In the eighteenth and early nineteenth century, a dizzying variety of ways and means coexisted to circulate goods, brand new as well as used ones. Some of these forms of allocation, like shops and regular markets/fairs, have a permanent fixed position in space and time: markets occurred regularly on the same marketplace, a shop can continuously be found in the same place. This certainly helped in the attraction of buyers, but other important aspects helped as well: Shops attracted customers by displays and other forms of indulging in a world of desirable goods, a pleasure independent from the act of actually buying them. Markets and especially fairs combined the offering of goods with the offering of entertainment, mingling and socializing. For less permanent institutions for the allocation of goods, conscious efforts to attract buyers were even more crucial. This paper sets out to look into this problem by focussing on events of a usually more singular nature than recurring markets and fairs: auctions and commodity lotteries.
Since the seventeenth century, auctions gained in importance as an institution to match buyers and sellers, apparently at first in the Netherlands and in England. Goods from overseas were regularly auctioned off to wholesalers in European cities, but auctions also became important as one-time events to sell larger inventories of (used) consumer goods from single households. Even more peculiar for modern beholders, the concept of the lottery – mostly used to generate public or princely revenue – had been a tool in marketing goods since the sixteenth century. Compared to selling inventories one by one to individuals, selling lottery tickets to all interested buyers (and some others, interested in wealth more than in the specific goods) and raffling the goods proved often more lucrative.
For potential buyers, both auctions and commodity lotteries were more than rational means to allocate resources, they also promised entertainment and excitement. Such features, in turn, were also profitable from the sellers’ point of view, as they helped to attract more potential buyers to their offers. As irregular, one-time events, they had to be advertised in advance, and presented as interesting beyond the specific goods on offer. Drawing on a larger research project on the Basel ‘Avis-Blatt’ (intelligencer), which also features as the background for the paper by Anna Reimann, this paper will take a closer look at early modern auctions and commodity lotteries as hybrid forms of allocation and entertainment. It will focus in particular on the way these events were announced and staged in eighteenth and early nineteenth century Basel. (Show less)

Christof Jeggle : Intermediating between Sellers and Buyers: Brokers on the Markets of Eighteenth Century Nuremberg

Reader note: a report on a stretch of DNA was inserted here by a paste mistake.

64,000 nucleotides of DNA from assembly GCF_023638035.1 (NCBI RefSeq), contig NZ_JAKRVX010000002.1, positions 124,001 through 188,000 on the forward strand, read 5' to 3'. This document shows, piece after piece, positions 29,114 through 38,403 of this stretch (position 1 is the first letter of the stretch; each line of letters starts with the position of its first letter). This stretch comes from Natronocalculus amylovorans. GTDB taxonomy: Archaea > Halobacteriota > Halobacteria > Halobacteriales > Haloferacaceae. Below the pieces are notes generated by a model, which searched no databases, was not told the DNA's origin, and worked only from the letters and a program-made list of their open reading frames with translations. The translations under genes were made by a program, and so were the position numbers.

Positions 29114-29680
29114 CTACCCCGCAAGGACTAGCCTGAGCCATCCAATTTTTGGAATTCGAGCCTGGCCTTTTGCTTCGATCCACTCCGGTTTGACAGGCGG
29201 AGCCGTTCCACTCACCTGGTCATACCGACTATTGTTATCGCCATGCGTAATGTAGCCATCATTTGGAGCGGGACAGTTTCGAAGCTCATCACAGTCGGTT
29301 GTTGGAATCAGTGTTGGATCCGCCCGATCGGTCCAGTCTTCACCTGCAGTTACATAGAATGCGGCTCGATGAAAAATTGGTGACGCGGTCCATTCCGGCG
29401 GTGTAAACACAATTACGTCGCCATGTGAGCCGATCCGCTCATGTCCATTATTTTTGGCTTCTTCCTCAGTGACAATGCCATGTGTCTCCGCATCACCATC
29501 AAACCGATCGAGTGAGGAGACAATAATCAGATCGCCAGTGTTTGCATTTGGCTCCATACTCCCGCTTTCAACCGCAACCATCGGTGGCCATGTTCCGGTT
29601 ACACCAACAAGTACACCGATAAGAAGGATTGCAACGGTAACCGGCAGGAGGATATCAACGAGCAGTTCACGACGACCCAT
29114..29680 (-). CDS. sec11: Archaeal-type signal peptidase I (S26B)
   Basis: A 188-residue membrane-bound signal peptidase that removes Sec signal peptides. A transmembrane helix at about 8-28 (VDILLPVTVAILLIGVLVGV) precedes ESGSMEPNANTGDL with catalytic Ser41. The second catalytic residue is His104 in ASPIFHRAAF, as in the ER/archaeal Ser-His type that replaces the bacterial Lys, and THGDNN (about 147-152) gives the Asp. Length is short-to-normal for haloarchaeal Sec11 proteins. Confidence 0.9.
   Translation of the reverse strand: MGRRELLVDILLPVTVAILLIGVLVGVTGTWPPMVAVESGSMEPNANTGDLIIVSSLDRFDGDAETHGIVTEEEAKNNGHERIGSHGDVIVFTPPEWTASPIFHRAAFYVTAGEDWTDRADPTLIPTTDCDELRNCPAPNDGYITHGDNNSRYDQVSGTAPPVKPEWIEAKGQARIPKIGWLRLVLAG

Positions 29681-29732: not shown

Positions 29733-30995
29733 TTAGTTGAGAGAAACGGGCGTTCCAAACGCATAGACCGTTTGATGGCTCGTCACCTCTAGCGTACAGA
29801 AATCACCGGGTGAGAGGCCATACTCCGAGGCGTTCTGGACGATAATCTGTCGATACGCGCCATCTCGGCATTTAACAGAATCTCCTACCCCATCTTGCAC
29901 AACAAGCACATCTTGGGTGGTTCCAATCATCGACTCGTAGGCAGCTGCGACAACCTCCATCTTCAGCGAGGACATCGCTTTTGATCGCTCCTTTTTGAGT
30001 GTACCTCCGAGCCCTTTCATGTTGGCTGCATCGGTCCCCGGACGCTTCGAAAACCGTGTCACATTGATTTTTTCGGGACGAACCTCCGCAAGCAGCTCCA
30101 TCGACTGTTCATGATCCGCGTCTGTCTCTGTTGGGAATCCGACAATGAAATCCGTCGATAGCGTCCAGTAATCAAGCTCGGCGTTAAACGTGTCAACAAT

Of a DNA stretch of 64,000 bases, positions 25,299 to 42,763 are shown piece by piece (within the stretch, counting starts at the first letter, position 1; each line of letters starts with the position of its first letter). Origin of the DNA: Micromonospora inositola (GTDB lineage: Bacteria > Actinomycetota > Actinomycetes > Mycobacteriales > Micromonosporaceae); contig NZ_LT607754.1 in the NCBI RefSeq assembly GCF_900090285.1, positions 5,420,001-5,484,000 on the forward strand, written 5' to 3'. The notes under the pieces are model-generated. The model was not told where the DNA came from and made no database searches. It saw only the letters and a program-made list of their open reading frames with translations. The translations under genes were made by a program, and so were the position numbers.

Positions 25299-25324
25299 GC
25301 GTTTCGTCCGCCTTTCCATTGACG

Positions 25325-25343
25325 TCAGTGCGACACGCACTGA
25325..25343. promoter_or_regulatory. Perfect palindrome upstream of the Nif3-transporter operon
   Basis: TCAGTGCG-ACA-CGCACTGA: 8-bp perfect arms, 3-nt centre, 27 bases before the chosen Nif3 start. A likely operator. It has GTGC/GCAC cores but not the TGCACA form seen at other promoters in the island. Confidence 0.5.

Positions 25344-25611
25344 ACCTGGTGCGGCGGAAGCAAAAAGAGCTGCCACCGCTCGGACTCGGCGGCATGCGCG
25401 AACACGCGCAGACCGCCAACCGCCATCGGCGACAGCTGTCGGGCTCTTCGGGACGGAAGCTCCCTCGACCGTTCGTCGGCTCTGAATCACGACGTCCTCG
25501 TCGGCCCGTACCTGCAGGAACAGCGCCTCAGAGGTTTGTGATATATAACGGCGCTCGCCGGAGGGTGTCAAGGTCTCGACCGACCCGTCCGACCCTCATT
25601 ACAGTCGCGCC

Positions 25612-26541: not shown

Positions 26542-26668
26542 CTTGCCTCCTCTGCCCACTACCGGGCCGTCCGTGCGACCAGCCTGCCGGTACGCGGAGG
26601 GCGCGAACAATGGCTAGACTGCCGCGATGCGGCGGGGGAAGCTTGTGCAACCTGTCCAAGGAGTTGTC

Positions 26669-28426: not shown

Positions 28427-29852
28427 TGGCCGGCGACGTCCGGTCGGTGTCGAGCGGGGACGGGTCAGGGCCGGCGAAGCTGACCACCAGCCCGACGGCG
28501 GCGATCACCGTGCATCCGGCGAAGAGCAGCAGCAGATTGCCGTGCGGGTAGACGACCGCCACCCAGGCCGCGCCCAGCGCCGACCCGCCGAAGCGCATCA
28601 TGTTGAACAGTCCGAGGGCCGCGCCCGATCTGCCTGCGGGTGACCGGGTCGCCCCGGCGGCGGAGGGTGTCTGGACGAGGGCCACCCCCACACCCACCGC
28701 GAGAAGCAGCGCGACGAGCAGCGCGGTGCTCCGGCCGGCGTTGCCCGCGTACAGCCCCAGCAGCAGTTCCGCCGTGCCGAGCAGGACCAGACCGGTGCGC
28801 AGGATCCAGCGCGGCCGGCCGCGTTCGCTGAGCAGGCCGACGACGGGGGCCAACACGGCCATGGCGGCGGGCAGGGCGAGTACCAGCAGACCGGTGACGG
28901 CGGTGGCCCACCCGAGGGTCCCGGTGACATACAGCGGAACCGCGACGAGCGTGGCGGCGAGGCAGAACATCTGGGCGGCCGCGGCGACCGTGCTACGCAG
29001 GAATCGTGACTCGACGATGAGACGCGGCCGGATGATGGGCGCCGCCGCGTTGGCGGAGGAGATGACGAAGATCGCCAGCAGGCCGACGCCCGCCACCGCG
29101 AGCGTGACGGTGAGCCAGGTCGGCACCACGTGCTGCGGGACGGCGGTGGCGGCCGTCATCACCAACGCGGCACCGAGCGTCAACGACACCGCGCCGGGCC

The Imperial city of Nuremberg was one of the important early modern centres for the manufacture and distribution of a large variety consumer goods. Labelled as “Nuremberg ware” these commodities were in demand throughout Europe and beyond. The long distance trade in the city was not bound to frequent fairs ... (Show more)
The Imperial city of Nuremberg was one of the important early modern centres for the manufacture and distribution of a large variety consumer goods. Labelled as “Nuremberg ware” these commodities were in demand throughout Europe and beyond. The long distance trade in the city was not bound to frequent fairs but took place on a permanent market. The commodities were traded on all levels of markets, by local retailers as well as by whole sale merchants in long distance trade. For doing business on these markets some merchants needed advice for finding proper business partners and they were offered the services of professional municipal brokers.
Since the late Middle Ages the municipal government employed several brokers for assisting merchants with their business negotiations and to control the markets. In eighteenth century three to five of these brokers were employed, some dedicated to the business with letters of exchange and others to the commerce with goods. Their service was voluntary to those merchants that were looking for business partners, while informal brokerage was prohibited and prosecuted by the authorities. The brokers’ task of arranging business deals covered the search for appropriate business partners, the control of the business arrangement that had to be proper and legal, and that the goods were meeting suitable standards of quality. The brokers also had to inspect goods in case of complaints. A further task was registering the actual market prices that were issued in semi-printed price currants.